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[142] children, all desirous of seeing the departure of the Washington Greys for the field of battle; many of them with well-tried hearts were comforting each other with an indefinite variety of patriotic sentiments. The regiment was greeted with the most vociferous cheering all the way down to Pier No. 36 North River, where they embarked, being 1,000 in number) on board the steamship Alabama.

The crowd on the dock, and also on Pier No. 35, was immense. The members of the regiment, including the recruits, were in most excellent spirits, and as the ship moved away from the wharf, at about 7 o'clock, and the immense assemblage on the wharf sent forth their cheers and “tigers,” the soldiers fired their revolvers in the air.

In Hudson street, the Grey troop, numbering 100 men, with a battery of six 6-pounders and thirty-six horses, turned down and proceeded to Pier No. 13, where they embarked on board the steamship Montgomery. The preparation for the embarkation of the horses had to be made, the ship's water had to be taken in, and other work had to be done; but all hands were put to work, and it was completed in good time. The Montgomery sailed from her. wharf about 10 o'clock.

Officers of the Eighth Regiment.

Regimental Officers.--George Lyons, Colonel; Chas. G. Waterbury, Lieutenant Colonel; Obadiah Wintworth, Major; D. B. Kuler, jr., Adjutant; Alderman Charles G. Cornell, Quartermaster; A. C. Smith, jr., Commissary; M. H. Cushman, Paymaster; Foster Swift, M. D., Surgeon; Thos. Rutter, Chaplain.

Company A.--James O. Johnston, Captain; Arthur Woods, 1st Lieutenant; Geo. W. Day, 2d Lieutenant.

Company B.--Thomas Sweeney, Captain; Chas. A. Enos, 1st.Lieutenant; M. Wall, 2d Lieutenant.

Company C.--Burgur, Captain; John Appleton, 1st Lieutenant; Richard Dunphy, 2d Lieutenant.

Company D.--E. D. Lawrence, Captain; Isaac Cohen, 1st Lieutenant; Vacant, 2d Lieutenant.

Company E.--M. Griffin, Captain; Alonzo Dutch, 1st Lieutenant; Chas. T. Hurlburt, 2d Lieutenant; G. L. Fox, 3d Lieutenant.

Company F.--Leander Buck, Captain; D. A. Allen, 1st Lieutenant; James Dimond, 2d Lieutenant.

Company G.--Wm. T. Carr, Captain; J. G. Schiele, 1st Lieutenant; Henry S. Decker, 2d Lieutenant.

Company H.--Samuel N. Gregory, Captain; Samuel N. Burrill, 1st Lieutenant; Wm. G. Halsey, 2d Lieutenant.

Troop I.--Artillery, six guns; J. M. Ovarian, Captain; Robert Brown, 1st Lieutenant;-----Burns, 2d Lieutenant;-----Carpenter, 3d Lieutenant.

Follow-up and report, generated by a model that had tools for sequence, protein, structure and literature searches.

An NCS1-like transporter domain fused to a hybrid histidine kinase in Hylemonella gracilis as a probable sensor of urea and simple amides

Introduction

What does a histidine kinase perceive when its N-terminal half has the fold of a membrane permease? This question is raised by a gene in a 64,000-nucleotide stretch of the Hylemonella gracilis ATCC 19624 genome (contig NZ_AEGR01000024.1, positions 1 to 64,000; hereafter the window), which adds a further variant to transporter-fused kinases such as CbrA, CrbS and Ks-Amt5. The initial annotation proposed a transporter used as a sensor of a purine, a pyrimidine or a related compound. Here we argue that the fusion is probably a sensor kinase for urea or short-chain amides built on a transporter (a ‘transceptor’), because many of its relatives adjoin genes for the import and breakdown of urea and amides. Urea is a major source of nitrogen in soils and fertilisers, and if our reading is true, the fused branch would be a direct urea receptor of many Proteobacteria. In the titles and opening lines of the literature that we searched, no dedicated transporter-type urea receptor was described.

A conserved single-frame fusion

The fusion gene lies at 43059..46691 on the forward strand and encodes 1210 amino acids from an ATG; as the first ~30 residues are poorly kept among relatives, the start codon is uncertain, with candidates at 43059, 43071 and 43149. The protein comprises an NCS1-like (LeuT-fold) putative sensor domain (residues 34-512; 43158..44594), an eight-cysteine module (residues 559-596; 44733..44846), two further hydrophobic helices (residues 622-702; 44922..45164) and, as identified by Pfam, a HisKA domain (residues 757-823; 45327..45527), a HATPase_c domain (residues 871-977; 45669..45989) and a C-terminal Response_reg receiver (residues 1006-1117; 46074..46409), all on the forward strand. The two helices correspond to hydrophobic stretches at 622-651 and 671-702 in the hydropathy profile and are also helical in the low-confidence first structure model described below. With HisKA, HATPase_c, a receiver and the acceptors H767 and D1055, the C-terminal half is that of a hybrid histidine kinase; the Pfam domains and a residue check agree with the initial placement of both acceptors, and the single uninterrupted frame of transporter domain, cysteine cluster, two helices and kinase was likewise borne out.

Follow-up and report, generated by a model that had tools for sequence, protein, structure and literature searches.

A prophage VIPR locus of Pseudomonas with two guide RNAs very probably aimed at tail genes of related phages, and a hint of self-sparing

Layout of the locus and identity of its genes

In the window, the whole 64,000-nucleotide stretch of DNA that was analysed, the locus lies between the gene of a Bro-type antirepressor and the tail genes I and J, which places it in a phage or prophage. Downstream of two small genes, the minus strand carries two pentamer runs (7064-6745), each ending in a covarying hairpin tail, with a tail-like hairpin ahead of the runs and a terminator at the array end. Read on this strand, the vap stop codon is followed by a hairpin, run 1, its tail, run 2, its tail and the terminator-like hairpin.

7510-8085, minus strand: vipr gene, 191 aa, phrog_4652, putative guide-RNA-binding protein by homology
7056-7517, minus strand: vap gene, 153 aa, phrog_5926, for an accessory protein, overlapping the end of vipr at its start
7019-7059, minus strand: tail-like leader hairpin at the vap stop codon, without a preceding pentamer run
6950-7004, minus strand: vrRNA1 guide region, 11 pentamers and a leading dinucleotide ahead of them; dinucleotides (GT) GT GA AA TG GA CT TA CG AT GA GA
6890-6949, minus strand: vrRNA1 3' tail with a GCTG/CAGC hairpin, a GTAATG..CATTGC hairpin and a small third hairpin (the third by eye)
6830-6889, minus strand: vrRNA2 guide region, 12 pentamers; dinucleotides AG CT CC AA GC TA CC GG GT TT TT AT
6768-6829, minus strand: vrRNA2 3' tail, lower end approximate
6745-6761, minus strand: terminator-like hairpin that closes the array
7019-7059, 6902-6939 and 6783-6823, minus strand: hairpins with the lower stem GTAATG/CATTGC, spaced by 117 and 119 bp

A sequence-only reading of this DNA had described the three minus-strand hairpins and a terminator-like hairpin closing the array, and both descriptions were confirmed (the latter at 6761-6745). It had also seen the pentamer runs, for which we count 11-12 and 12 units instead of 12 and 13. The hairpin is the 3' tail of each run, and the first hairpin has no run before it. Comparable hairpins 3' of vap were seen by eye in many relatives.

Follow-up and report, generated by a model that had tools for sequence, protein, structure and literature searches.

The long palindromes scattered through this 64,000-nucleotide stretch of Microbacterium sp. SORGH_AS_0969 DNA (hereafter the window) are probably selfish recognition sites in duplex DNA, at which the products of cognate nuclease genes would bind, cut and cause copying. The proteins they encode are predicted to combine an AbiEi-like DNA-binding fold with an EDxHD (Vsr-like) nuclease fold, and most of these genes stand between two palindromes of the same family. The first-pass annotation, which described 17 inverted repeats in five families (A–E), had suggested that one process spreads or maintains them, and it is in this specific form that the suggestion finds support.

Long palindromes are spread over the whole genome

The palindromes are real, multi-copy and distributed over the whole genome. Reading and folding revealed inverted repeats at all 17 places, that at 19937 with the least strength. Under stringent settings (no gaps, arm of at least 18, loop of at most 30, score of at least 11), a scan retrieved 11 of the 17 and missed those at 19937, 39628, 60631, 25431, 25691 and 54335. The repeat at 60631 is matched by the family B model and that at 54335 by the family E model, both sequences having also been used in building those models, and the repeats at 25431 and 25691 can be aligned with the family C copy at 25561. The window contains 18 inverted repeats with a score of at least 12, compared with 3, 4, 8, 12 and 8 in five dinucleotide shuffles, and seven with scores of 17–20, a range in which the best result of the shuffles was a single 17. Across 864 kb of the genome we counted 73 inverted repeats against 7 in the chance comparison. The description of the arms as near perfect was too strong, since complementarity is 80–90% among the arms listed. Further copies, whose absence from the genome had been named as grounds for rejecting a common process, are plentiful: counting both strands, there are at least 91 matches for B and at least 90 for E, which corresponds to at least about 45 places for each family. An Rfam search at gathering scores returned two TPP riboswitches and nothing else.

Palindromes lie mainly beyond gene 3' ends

Engineers.--Wm. Walton, Captain.

The sixty-ninth Regiment.

The 69th Regiment is composed entirely of Irishmen. Col. Corcoran, who is in command, is exceedingly popular with his countrymen, and this popularity was enhanced at least 50 per cent. by the triumphant manner in which he emerged from the troubles which surrounded him. When the 69th offered its services to the Government, the Court-Martial which had been summoned to try the Colonel for disobedience of orders was dismissed, and he was restored to his command. This victory touched the Irish heart, and no sooner did he issue a call for volunteers than his recruiting office was besieged by applicants who were anxious to serve their country under his orders. Had the Colonel been called upon for an entire brigade he could have supplied them in the same time and with less trouble than he has furnished 1,000 men. Up to Monday night, 6,500 names had been enrolled in his regiment. On Tuesday morning the 69th was ordered to assemble at their armory, No. 42 Prince street, to receive their equipments previous to their departure.

At an early hour the entire street was taken possession of by the regiment and its friends, and the distribution of muskets, blankets, etc., commenced. In front of Col. Corcoran's dwelling, No 5 Prince street, a large truck, loaded with blankets, was stationed, and the recruits were required to file by this truck one by one. The rush at this point was perfectly tremendous, so eager were the men to obtain their equipments. The Captain of each company was stationed on the vehicle; and here the acceptance or rejection of the recruits occurred.

Passing the blanket wagon, where a blanket was thrown at the accepted ones, they were passed to another man, who seized their head covering and crowned them with the regimental cap. Still another individual placed a musket in their hands, while others furnished them with a tin plate, knife, fork, and tin cup. It was not until 2 o'clock in the afternoon that all the men were equipped, after which the companies were formed, and accompanied by the enthusiastic crowd, marched to Great Jones street, from which point the regiment were to start. For several hours there had been an assemblage of men, women, and children in Broadway, mostly Irish, which had effectually driven every vehicle from that thoroughfare. Housetops and windows were crowded with enthusiastic women, who waved their handkerchiefs incessantly to the crowd beneath. Several Irish civic societies, comprising about 2,000 persons, with waving banners — the harp of Erin kissing the Stars and Stripes--had formed in procession in Broadway, as an escort, and patiently waited for the regiment to move.

About 3 o'clock the order to march was received, and the entire procession, civic and military, moved down Broadway. The march was a perfect triumph for the Irish citizens,

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